The European Fine Art Fair

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The MECC venue in Maastricht, home to TEFAF for over 25 years
Picasso's lining a wall at the fair in 2011
Greek and Roman sculptures for sale in 2014
Visitors taking a break at TEFAF 2014

The European Fine Art Fair (abbreviated: TEFAF) is an annual art fair, organized by The European Fine Art Foundation in the MECC in Maastricht, Netherlands. It was first held in 1988. The 10-day fair, organized by dealers, attracts about 70,000 visitors and is considered the world's best and most important art fair.[1]

The fair[edit]

Presenting 260 of the world’s leading galleries from 20 countries, TEFAF Maastricht showcases some of the best works of art currently on the market for 10 days each year. In addition to the traditional areas of Old Master Paintings and antique Works of Art, visitors can see and buy at TEFAF Maastricht a wide variety of Classical Modern and Contemporary Art, as well as Jewellery, 20th Century Design, and Works on Paper. There were 266 dealers from twenty countries at the fair's 2013 edition.[2] The 2013 edition featured 265 exhibitors showing museum-quality pieces ranging from antiquity to the 21st century, valued at 4 billion euros.[3]

History[edit]

TEFAF Maastricht is the offspring of two Dutch fairs launched in the mid-1970s: Pictura and De Antiquairs International. Pictura was the first international fine art fair in the Netherlands and launched in 1975. Antiqua, an antiques fair launched in 1978, became De Antiquairs International in 1982. Both fairs merged in 1985 under the banner of the Antiquairs International and Pictura Fine Art fair, held at Maastricht’s Eurohal.[4]

A 10-day event organized by dealers,[5] TEFAF Maastricht was subsequently launched at the MECC in 1988, with 89 participating dealers, the majority of them Dutch.[6] Though the fair was founded as a fair for dealers in old masters art, more than half the participants have other specialties, including antiquities, furniture, decorative artwork from medieval times to today, rare books and jewelry. By 2014, 43% of dealers at TEFAF specialized in antiques (119 out of 274 galleries).[7] A shortage of museum-quality historic paintings and collectors’ shifting tastes have resulted in an increasing emphasis on more recent material.[8]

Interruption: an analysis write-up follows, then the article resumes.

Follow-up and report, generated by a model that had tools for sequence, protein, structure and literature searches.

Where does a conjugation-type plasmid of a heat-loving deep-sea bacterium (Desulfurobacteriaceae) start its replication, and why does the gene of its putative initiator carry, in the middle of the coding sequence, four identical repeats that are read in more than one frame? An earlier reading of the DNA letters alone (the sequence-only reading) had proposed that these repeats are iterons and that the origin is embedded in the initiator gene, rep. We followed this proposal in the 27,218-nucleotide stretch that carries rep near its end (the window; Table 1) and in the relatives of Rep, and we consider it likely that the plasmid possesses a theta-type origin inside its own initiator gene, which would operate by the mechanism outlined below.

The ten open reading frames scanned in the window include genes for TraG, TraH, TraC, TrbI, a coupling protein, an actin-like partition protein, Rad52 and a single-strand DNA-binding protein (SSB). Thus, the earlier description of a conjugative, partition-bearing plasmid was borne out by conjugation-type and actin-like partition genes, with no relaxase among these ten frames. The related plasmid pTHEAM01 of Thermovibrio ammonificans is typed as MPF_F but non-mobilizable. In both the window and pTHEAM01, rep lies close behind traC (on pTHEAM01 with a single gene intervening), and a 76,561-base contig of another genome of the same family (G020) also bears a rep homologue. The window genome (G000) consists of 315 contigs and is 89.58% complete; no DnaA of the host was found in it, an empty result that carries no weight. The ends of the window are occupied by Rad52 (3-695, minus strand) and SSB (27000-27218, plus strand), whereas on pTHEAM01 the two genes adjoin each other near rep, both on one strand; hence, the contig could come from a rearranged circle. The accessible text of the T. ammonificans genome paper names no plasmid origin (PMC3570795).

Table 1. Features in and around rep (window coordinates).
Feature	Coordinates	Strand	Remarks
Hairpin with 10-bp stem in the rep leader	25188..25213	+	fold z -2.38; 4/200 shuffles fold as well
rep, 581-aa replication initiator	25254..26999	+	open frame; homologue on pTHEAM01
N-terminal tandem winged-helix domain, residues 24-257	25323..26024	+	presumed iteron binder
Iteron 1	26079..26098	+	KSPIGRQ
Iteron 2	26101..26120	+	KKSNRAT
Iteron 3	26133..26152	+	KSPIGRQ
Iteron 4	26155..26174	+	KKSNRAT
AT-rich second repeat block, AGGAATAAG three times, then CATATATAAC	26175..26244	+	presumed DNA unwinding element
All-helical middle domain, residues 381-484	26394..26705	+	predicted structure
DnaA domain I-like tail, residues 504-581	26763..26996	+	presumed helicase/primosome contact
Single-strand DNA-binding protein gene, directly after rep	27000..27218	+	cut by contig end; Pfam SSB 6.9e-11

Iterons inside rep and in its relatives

In 2000, for the first time TEFAF launched an independent study about the size and structure of the European art and antiques market, resulting in the annual publication of the Art Market Report.[9] For years, the fair was considered "a footnote in the annual art market calendar", accordig to the Wall Street Journal. During the art market boom, collectors put a premium on high-profile contemporary art sales like the Art Basel fairs in Switzerland and Miami and the biannual modern and contemporary art sales of Christie's and Sotheby's in London and New York.[10] The fair celebrated its 25th anniversary in 2012 and is today regarded, along with Swiss modern and contemporary art fair Art Basel,[11] as the world’s leading art fair.[12]

TEFAF Maastricht is regarded as unequalled in its level of quality and in the methods it employs to establish and guarantee the authenticity of every painting and object on offer. Participating dealers are admitted only after a strict selection process. TEFAF Maastricht’s vetting system involves about 175 international experts in 29 different categories, who examine every work of art in the Fair for quality, authenticity and condition. A number of objects deemed inauthentic or of "poor quality" are regularly placed in storage until fair's end.[13] Representatives from about 225 major museums[14] like the Louvre in Paris,[15] the Prado in Madrid,[16] the Frick Collection in New York, Museum of Fine Arts in Boston, the Rijksmuseum in Amsterdam, and the Getty Center in Los Angeles regularly visit the fair.[17] TEFAF’s wealthy visitors, many of whom fly in on about 170 private planes, have recently included Saud bin Muhammed Al Thani, Silvio Berlusconi, Calvin Klein, Brad Pitt, Kanye West[18] and Michael Schumacher.[19]